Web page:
Current educational standards within programs accredited by the Council for Accreditation of Counseling and Related Educational Programs (CACREP) do not require that students complete coursework in the business-related aspects of professional counseling. However, counselor educators who would like to provide students with practice management training cite the CACREP (2009) standards to support the infusion of business-related concepts into current courses or even in the development of a new graduate course. For example, the standards state that upon graduation from a CACREP-accredited program, a student pursuing a clinical mental health counseling track “understands the roles and functions of clinical mental health counselors in various practice settings” (CACREP, 2009, Code A.3; p. 30). That is, students will understand how to function in clinical settings, which includes private practice. In addition, the standards state that a student “understands the management of mental health services and programs, including areas such as administration, finance, and accountability” for their roles in counseling settings (CACREP, 2009, Code A.8; p. 30). Thus, the standards encourage students to gain an understanding of the technical aspects of professional counseling that can include an understanding of developing and maintaining a successful counseling practice. Offering students opportunities to gain practice management skills and competencies within counselor education programs might better prepare them to one day develop their own counseling practices.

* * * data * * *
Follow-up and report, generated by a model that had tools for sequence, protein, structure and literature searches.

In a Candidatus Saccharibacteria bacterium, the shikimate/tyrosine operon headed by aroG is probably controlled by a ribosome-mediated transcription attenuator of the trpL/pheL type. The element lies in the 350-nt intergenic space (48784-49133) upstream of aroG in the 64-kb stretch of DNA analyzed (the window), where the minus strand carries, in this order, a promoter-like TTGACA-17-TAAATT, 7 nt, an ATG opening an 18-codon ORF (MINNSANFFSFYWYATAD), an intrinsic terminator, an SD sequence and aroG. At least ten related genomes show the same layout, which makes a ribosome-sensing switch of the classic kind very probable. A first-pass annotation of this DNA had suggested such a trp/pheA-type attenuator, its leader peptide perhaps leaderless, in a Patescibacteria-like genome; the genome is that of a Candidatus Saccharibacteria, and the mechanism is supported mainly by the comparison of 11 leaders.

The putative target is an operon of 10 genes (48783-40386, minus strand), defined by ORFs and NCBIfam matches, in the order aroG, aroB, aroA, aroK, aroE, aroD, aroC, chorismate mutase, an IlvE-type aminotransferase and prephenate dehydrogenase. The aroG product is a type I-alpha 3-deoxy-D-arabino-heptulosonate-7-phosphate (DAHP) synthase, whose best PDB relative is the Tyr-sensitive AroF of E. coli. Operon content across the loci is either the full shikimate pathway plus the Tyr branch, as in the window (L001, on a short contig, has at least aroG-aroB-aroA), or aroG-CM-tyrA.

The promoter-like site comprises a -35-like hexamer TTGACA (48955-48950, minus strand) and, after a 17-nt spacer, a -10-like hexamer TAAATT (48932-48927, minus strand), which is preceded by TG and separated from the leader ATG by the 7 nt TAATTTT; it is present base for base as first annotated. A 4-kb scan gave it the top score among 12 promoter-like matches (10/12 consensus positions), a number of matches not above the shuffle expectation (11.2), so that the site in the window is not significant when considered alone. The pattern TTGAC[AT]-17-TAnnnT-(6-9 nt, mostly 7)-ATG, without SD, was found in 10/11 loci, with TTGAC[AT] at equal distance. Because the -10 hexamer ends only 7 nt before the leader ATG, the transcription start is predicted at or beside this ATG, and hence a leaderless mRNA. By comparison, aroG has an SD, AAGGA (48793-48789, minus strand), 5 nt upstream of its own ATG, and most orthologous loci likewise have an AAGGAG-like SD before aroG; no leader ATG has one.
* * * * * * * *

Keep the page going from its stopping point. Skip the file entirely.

Without an exhaustive survey, it is not known how many counselor education programs cover any of the business-related skills of clinical practice. What is certain is that in the United States nearly 20% of all small businesses do not survive past their first year and only 44% of small businesses survive to see their four-year anniversary (Knaup & Piazza, 2007). As of August 1, 2011, of the 42,926 American Counseling Association (ACA) members reporting their work settings, 10.45% described their full-time work setting as private practice and 4.1% described their part-time work setting as private practice. In sum, 14.5% of current ACA members who reported their work setting described themselves as working in private practice (C. Neiman, personal communication, August 15, 2011). Given the high failure rates for small businesses in the service sector and the fact that nearly one in seven counselors describe themselves as conducting private practice, counselor education programs should consider placing a higher emphasis on facilitating the development of knowledge and skills associated with the successful creation and management of a clinical practice.
To address this lack of training, the authors developed and implemented a graduate-level elective course titled Entrepreneurship in Clinical Settings open to both masters and doctoral-level students enrolled in graduate-level helping profession programs (e.g., counselor education, clinical psychology, social work, nursing, kinesiology, etc.) at a university located in the southeast United States. Those actually enrolled in the course included masters and doctoral-level students from counselor education. The course was advertised as an opportunity to obtain the knowledge needed to develop and run a successful private practice. The purpose of developing the course was to advance students’ knowledge and related skills in formulating an individualized business plan for establishing a clinical practice and thereby preparing them to successfully manage a small business.